Hey guys! We find ourselves already past the mid-point of the year – all things seem to fast-forward in 2019. Weeks pass like days, and days pass like hours. Or maybe it’s just us. Last month, we took a break from our classic news roundup to fully cover our favorite event, WordCamp Europe. Now, we’re back in business with the latest WordPress news.
In July, the WordPress Theme Review Team announced a few priority plans for their guidelines, while an experimental plugin that lets you replace the WordPress comments form with blocks is testing the waters.
In other news, WordCamp Asia is officially the new regional event of 2020, and the Netlify automation platform is getting a lot of love from WordPress developers.
Stay with us to find out the long version of each story, plus a lot more educational articles for your curious minds.
August 2019 WordPress News
‘Accessibility first’, says the Theme Review Team, which recently announced a long-term plan to make all the themes on WordPress.org accessible. The team met on July 9th and discussed these concerns, among other proposals for the future.
The meeting exposed some of the requirements that all the authors/developers will need to include in their theme files if they want to use the accessibility-ready tag. This is only the first stage, as these requirements will soon become the default for all themes.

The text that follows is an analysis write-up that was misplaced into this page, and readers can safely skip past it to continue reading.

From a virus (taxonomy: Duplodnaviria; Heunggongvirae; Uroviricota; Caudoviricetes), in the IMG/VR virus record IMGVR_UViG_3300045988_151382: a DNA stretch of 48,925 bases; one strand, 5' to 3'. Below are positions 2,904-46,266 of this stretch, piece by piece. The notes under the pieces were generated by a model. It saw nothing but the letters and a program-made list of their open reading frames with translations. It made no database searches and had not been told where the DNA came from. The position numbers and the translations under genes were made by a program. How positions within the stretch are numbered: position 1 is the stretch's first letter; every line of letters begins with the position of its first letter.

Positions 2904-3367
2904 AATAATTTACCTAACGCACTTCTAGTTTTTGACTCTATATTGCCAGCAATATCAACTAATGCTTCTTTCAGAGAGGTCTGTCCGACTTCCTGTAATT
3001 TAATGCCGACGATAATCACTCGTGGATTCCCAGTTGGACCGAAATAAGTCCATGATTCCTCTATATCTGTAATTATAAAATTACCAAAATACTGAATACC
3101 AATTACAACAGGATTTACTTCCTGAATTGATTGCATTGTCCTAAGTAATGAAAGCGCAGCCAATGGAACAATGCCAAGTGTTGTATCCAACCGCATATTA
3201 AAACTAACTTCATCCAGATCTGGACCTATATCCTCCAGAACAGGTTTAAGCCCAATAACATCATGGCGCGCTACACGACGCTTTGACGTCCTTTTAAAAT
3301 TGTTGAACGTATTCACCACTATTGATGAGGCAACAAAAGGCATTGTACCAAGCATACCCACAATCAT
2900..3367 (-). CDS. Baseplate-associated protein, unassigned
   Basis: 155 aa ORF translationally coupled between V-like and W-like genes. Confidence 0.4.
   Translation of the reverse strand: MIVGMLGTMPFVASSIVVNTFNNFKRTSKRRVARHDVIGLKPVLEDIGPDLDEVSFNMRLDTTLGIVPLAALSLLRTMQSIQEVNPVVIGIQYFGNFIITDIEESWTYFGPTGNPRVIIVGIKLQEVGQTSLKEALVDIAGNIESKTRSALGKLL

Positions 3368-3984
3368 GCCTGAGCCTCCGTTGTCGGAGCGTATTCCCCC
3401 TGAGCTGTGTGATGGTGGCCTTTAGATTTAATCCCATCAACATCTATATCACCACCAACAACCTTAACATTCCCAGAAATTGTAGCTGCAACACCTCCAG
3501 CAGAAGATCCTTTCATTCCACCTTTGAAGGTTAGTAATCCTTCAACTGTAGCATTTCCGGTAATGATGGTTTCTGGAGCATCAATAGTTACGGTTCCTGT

The Theme Review Team will introduce this change step by step, with new guidelines being announced every month. In July, the emphasis was on skip links, keyboard navigation, controls, and form labeling.
A fresh large WordCamp is on the rise. The first edition of WordCamp Asia was just confirmed, and it will take place in Bangkok, in February 2020.
For the ‘premiere’, the first batch of tickets is already on sale, while the call for speakers is in progress until September.
After hosting 137 WordCamps across 18 Asian countries and 52 cities, the continental community is ready to step forward for the biggest challenge. The event will be coordinated by Naoko Takano, the Global Lead Organizer, together with Nok, the Local Lead Organizer. And, of course, with the help of 40 happy volunteers.